Connie Arida: a life
photographic self-portraits, 2007-2020

Saturday 1 August 2020 – Saturday 29 August 2020
Vanessa’s Place: coffee + conversation
Innu 109, 154, 21

A Year of Turbulence

2020 has been an interesting year for avatar culture. In the 1st quarter of the year a global pandemic sent everyone who could work from home, home, to work, play, and stay there for as long as possible. Then at the midpoint of the year, Linden Lab, maker of Second Life, was sold.

The first event led to an influx of new and returning virtual residents. The second event has led to predictions ranging from “death spiral” to “new golden age.” It doesn’t seem like Second Life will end anytime soon. Still. The sale of Linden Lab is a reminder that most of today’s SL residents will live longer than SL itself.

Connie Arida: a life, installation view, Vanessa’s Place, Innu Region, Second Life

Second Life Diaspora?

When your nation crumbles in civil war, when your platform is unplugged, many lives are lost. But some survive and become a diaspora, a scattered culture. IRL refugees make difficult journeys to different nations that often don’t want them. What would an SL diaspora look like? Those who survive might try to carry on with life in Fortnite, Minecraft, Sansar, Facebook, or even RL Zoom spaces.


And what of the Second Life culture that once was? How does a refugee from Damascus live in Ankara? How does a refugee from Second Life live in Animal Crossing? Will you speak the language? Will the locals greet you with open arms? Or resentment? Or will they greet you with open arms with the unspoken condition that you will assimilate their culture and leave your own behind?

Connie Arida self-portraits: then: 27 August 2007, now: 15 April 2020

Cultural Heritage

Becoming a refugee can happen quickly. Not a lot of time to think or pack. The journey, if you survive at all, will be long and hard. What few, precious things would you bring along if you had to escape from a crumbling Second Life in a short time. What few tokens of a culture that once was would you strap to your back as you swam across a turbulent ocean hoping for a new life on some distant and unknown shore?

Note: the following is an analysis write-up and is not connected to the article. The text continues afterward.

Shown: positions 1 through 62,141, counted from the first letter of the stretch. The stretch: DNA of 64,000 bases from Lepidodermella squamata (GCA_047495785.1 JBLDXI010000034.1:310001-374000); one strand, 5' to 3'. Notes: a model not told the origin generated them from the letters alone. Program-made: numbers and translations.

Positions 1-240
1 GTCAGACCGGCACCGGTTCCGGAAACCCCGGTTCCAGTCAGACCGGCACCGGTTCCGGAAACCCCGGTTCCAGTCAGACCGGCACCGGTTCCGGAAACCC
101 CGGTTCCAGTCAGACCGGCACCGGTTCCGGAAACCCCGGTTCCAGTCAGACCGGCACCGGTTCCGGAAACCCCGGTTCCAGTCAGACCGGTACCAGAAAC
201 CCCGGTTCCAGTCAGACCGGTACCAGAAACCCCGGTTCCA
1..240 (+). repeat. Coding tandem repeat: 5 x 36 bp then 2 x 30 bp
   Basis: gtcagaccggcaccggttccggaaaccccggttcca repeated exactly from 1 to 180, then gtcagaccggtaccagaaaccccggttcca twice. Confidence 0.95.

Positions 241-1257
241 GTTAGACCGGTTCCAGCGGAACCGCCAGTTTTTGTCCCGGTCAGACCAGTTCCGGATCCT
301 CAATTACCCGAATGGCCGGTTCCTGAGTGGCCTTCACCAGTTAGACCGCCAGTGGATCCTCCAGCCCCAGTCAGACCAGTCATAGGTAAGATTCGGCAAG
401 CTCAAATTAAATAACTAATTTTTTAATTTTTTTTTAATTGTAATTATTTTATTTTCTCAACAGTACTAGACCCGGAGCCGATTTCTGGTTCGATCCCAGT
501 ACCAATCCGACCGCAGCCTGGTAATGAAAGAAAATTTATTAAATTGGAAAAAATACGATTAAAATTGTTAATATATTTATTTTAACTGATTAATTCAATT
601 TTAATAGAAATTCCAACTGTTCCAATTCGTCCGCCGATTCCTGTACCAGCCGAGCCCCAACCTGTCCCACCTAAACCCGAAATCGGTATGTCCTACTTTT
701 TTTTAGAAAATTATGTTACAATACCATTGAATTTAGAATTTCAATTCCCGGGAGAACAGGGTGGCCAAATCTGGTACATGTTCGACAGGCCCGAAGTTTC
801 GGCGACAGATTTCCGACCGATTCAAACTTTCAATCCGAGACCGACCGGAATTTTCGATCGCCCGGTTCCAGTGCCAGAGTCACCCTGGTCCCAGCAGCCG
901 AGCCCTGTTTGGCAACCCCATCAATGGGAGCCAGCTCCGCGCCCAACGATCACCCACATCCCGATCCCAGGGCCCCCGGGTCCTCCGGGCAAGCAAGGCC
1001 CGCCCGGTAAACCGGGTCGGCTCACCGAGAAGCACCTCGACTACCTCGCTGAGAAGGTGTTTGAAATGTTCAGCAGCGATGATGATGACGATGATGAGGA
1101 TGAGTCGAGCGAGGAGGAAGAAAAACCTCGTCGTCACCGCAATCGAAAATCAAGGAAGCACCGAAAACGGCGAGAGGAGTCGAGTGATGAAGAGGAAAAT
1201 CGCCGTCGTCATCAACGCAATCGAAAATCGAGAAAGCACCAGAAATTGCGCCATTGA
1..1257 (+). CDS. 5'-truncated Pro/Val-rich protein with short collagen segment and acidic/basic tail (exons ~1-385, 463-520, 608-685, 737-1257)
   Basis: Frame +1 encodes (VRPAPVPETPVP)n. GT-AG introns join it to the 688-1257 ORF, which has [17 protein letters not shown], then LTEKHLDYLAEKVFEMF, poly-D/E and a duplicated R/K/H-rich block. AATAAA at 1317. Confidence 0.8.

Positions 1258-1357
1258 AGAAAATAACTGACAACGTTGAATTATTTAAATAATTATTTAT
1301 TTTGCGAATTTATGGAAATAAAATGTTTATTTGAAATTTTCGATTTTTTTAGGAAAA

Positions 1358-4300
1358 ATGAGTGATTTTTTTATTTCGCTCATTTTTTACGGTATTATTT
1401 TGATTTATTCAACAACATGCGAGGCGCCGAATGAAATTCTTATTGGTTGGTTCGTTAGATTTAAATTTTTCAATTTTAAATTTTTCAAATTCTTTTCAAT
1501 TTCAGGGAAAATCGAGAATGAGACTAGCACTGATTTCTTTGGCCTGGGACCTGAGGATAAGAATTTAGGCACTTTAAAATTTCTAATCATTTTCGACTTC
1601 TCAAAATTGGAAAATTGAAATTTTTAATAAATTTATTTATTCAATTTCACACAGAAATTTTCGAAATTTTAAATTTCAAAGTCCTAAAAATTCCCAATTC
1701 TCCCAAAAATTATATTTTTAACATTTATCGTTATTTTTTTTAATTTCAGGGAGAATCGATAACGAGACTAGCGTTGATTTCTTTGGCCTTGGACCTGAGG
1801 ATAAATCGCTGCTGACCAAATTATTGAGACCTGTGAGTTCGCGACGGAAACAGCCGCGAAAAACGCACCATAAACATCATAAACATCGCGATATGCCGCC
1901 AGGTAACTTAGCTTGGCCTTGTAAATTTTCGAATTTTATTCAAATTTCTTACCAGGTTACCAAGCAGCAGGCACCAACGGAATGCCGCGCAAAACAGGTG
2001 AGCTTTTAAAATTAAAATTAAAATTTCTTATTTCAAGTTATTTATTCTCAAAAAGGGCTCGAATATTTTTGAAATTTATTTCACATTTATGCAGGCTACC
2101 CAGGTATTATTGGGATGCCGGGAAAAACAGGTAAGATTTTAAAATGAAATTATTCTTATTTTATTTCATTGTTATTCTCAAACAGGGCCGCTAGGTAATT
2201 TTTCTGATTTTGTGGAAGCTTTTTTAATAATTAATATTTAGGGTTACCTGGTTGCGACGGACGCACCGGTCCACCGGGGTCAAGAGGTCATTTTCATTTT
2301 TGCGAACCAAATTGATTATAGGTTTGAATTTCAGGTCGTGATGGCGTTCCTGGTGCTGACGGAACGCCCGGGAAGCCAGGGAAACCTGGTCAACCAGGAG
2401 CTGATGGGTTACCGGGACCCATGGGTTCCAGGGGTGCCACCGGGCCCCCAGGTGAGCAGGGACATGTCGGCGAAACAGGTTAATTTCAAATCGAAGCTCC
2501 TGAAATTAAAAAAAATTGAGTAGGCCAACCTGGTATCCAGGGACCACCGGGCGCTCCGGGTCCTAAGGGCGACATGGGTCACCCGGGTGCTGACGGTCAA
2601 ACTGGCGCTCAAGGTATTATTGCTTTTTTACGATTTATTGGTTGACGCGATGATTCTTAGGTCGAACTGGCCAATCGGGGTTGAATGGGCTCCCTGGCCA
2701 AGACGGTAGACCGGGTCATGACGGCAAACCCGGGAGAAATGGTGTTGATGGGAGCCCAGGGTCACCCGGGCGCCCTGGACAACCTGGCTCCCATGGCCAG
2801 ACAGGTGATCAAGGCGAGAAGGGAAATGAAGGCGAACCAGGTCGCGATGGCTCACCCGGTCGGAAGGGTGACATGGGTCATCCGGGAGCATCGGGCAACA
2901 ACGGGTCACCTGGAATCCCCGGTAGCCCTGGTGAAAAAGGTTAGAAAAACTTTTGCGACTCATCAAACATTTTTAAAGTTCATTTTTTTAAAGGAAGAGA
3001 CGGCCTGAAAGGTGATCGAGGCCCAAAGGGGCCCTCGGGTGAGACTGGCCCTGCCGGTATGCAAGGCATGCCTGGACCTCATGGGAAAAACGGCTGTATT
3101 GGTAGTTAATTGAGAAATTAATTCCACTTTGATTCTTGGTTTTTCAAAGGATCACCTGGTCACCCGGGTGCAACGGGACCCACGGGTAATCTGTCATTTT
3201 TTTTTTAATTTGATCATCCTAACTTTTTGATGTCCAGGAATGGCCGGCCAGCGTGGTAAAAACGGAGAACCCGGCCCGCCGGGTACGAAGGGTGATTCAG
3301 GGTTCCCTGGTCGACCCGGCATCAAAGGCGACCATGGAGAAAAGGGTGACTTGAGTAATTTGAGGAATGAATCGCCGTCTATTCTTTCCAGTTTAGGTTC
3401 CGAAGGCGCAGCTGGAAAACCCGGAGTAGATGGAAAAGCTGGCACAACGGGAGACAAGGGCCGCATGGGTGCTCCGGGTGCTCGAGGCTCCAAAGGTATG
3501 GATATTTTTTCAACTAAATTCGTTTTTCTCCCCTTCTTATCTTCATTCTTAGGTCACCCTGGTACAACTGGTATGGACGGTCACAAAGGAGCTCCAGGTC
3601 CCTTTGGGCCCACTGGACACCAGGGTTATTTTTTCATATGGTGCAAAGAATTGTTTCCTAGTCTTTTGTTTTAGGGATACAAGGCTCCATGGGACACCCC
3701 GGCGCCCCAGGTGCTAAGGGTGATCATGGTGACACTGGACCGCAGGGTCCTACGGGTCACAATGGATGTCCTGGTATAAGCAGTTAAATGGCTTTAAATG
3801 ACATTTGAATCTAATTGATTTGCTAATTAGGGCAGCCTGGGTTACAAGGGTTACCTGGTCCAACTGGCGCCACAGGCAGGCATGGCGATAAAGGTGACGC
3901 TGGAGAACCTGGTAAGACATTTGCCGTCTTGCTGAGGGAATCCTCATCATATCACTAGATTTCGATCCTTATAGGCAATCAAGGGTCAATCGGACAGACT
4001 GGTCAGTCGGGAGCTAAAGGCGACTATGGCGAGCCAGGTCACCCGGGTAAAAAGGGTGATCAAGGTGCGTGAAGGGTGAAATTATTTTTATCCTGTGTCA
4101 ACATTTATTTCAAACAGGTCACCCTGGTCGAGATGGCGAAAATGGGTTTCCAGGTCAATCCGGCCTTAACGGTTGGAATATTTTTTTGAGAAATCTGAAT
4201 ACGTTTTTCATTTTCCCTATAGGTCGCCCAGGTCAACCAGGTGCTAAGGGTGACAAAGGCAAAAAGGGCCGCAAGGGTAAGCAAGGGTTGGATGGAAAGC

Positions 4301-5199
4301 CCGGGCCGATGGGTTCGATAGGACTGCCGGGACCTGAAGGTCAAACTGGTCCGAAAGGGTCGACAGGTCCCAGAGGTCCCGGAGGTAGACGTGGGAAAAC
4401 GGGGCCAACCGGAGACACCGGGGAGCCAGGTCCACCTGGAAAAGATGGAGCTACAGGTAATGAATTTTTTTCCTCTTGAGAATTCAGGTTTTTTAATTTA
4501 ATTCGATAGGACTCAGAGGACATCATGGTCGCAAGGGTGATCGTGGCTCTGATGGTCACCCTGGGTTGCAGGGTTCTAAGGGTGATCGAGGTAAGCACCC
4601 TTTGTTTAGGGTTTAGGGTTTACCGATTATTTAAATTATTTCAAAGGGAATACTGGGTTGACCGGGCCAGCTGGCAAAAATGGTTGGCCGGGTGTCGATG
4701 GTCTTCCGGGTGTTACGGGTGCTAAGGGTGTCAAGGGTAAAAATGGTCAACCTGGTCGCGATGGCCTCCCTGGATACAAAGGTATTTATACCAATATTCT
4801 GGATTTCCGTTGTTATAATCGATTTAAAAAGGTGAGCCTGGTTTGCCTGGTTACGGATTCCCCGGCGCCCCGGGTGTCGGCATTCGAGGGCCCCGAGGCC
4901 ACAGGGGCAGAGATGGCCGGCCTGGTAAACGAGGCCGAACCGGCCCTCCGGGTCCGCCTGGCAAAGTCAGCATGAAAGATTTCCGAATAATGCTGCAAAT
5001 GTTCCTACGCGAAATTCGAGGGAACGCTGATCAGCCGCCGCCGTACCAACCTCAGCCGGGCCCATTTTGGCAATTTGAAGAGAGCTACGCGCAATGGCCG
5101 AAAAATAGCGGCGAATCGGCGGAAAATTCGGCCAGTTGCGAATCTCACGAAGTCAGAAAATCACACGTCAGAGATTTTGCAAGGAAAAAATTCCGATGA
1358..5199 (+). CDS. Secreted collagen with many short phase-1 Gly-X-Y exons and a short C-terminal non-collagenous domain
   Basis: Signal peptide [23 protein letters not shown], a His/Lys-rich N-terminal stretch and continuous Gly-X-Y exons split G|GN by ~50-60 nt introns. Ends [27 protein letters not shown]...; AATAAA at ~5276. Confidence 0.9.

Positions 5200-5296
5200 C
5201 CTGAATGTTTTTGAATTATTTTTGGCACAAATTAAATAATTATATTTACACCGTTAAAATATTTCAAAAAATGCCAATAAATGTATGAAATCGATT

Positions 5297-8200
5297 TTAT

For me, among the few memories of who we were here, I would have to bring with me the photographic self-portraits of Connie Arida. If I wanted to remember our culture that was, and share our aspirations with my children and grandchildren, I can think of no more ambitiously understated and loving poem than Arida’s 14-year oeuvre.

Connie Arida: a life, site view, Vanessa’s Place, Innu Region, Second Life

Time Capsule?

While you will see a great evolution across the 14 years of Arida’s project, make no mistake, you won’t be seeing anything that looks like “Ruth,” the early and terrifying SL default avatar. Arida has always made use of many customizations. They latest specialty attachments by every maker on the grid. Her own customizations of shape and skin. Early prim attachments. Early mesh. Windlight. Photoshop.

Arida’s work has never been a document of the average avatar on the street. It has never been a recreation of how a moving, animated avatar might look. For 14 years now Connie Arida has relentlessly strived for an impossible ideal. In a world of pixels, a world of often broken, twisted, and tortured pixels, Arida has consistently aspired to verisimilitude.